meat from cattle

Beef is the culinary name for meat from cattle (Bos taurus). Beef can be prepared in various ways; cuts are often used for steak, which can be cooked to varying degrees of doneness, while trimmings are often ground or minced, as found in most hamburgers. Beef contains protein, iron, and vitamin B12. Along with other kinds of red meat, high consumption is associated with an increased risk of colorectal cancer and coronary heart disease, especially when processed. Beef has a high environmental impact, being a primary driver of deforestation with the highest greenhouse gas emissions of any agricultural product.

Where's the beef?


  • When mighty roast beef was the Englishman's food
    It ennobled our hearts and enriched our blood—
    Our soldiers were brave and our courtiers were good.
    Oh! the roast beef of England,
    And Old England's roast beef.
    • Henry Fielding, "The Roast Beef of Old England", in Grub Street Opera, Act III, scene 2. Claimed for R. Leveridge.
  • A tale without love is like beef without mustard: insipid.
    • Anatole France, La Révolte des Anges (The Revolt of the Angels), ch. 8 (1914).
  • Who lives longer? the man who takes heroin for two years and dies, or a man who lives on roast beef, water and potatoes 'till 95? One passes his 24 months in eternity. All the years of the beefeater are lived only in time.
    • Aldous Huxley in Kevin A. Fabiano, ed., The Shortcut: 20 Stories To Get You From Here To There (2006), p. 179.
  • About this time, I heard of a well known Hindu having been converted to Christianity. It was the talk of the town that, when he was baptized, he had to eat beef and drink liquor, that he also had to change his clothes, and that thenceforth he began to go about in European costume including a hat. These things got on my nerves. Surely, thought I, a religion that compelled one to eat beef, drink liquor, and change one's own clothes did not deserve the name. I also heard that the new convert had already begun abusing the religion of his ancestors, their customs and their country. All these things created in me a dislike for Christianity.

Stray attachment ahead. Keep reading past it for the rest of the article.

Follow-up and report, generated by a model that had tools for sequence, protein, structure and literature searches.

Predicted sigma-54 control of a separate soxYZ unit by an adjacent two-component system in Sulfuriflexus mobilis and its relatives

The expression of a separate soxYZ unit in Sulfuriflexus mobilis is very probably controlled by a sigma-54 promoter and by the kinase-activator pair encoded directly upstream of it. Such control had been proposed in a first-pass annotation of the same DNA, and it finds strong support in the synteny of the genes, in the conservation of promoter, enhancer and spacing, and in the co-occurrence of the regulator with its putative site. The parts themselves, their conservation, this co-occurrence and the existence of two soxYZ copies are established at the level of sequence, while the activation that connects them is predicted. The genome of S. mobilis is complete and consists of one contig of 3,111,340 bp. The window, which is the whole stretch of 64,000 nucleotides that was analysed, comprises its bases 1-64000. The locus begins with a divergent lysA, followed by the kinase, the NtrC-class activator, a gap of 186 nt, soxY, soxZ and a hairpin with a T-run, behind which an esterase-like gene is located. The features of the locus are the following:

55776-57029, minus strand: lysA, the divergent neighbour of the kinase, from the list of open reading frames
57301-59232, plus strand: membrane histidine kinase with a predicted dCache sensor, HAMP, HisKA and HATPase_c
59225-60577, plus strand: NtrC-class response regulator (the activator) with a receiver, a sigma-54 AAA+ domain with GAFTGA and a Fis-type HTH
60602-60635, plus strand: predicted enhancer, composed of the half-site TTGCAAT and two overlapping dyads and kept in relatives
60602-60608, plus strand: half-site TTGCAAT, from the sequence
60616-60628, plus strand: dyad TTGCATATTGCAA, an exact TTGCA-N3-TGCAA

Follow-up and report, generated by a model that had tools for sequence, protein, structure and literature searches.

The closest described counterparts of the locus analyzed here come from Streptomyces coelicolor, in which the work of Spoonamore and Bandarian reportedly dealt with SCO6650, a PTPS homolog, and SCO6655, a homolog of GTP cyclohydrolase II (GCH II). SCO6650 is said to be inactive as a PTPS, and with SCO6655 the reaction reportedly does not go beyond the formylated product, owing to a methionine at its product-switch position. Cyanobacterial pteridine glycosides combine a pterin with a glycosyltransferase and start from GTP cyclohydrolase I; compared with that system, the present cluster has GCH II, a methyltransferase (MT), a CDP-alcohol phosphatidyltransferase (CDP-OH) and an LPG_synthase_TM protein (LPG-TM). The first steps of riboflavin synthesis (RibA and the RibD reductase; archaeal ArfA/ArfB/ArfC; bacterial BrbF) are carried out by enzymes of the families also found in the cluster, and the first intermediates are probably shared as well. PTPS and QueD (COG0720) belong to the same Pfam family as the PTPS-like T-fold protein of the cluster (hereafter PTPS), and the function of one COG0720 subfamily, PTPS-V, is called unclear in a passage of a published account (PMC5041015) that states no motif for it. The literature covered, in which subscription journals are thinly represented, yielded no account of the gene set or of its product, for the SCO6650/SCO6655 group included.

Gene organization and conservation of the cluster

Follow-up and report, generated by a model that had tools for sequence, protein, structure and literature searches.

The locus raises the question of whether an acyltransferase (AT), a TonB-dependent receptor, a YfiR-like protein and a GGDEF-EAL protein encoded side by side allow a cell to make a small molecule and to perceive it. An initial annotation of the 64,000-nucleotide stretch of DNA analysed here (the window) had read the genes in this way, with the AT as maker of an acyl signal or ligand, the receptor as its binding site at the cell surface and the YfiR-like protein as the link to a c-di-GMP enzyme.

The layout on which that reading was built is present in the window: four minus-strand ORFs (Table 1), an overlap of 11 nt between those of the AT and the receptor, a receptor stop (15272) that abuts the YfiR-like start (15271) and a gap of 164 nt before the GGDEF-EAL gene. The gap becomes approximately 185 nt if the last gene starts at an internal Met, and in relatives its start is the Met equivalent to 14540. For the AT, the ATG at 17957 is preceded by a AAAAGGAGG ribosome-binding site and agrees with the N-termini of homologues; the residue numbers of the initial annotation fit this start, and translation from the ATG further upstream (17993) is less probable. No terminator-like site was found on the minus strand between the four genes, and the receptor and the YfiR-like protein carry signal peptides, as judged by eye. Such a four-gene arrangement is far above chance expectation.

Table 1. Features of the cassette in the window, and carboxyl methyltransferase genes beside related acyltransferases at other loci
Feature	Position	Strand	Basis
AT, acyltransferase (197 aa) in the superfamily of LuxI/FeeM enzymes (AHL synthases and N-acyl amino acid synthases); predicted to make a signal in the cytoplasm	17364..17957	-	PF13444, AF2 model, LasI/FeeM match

• Mahatma Gandhi, The Story of My Experiments with Truth. Part I, Chapter 10, Glimpses of Religion
  • Meanwhile, another Tabligh movement had arisen in Haryana under the leadership of Shah Muhammad Ramzan (1769-1825). “He found that the converted Rajputs and Jats… were in no way different from their Hindu counterparts in culture, customs and celebration of religious festivals… Shah Muhammad Ramzan used to sojourn in areas inhabited by such converted Rajputs, dissuade them from practising Hindu rites, and persuade them to marry their cousins (real uncle’s daughters which converts persistently refused to do). They equally detested eating cow’s flesh. To induce them to eat beef, he introduced new festivals like Maryam ka Roza and ‘Rot-bot’. On this day, observed on 17 Rajjab, a ‘pao’ of roasted beef placed on a fried bread was distributed amongst relatives and near and dear ones… Such endeavours ruled out the possibility of reconversion and helped in the ‘Islamization’ of neo-Muslims…”
    • Muhammad Ramzan cited in K.S. Lal, The Legacy of Muslim Rule in India, quoted from (1997). Time for stock taking, whither Sangh Parivar?. Edited by S.R. Goel.
  • When Araki accomplished the mission of converting people and training and guiding them in the new faith, he addressed the task of converting and guiding the womenfolk. Pious, puritanical, honest and trustworthy dervishes and sufis were selected and the task assigned to them. They were sent to all villages, localities and towns. In fact they reached each and every house. When they came to a homestead, they would get hold of the cow belonging to the housekeeper, kill it and sit down to eat beef in the company of womenfolk and family members. Along with this they administered the recitation of kelima to the womenfolk of the household, and taught them the basics of religion, the pillars of faith and the teachings of Islam. Distinguished vicegerents and sincere dervishes would enter the houses of aristocrats and the elite in order to administer kelima to them and make them eat beef. They would honour them by accepting their expression of repentance and make them promise that they would regularly offer prayers (namaz), observe fasts and other obligations. They also undertook to abstain from what was not permitted (in Islam). These special vicegerents and dervishes spread out in the suburbs of the towns and cities such as Pampur, Kani Pore (?) Shihabuíd-Din Pora etc. Men and women in these areas were apprised of what was permissible and what was not permissible in Islam.
    • Muḥammad, A. K., & Pandit, K. N. (2009). A Muslim missionary in mediaeval Kashmir: Being the English translation of Tohfatu'l-ahbab. New Delhi: Voice of India. page 241
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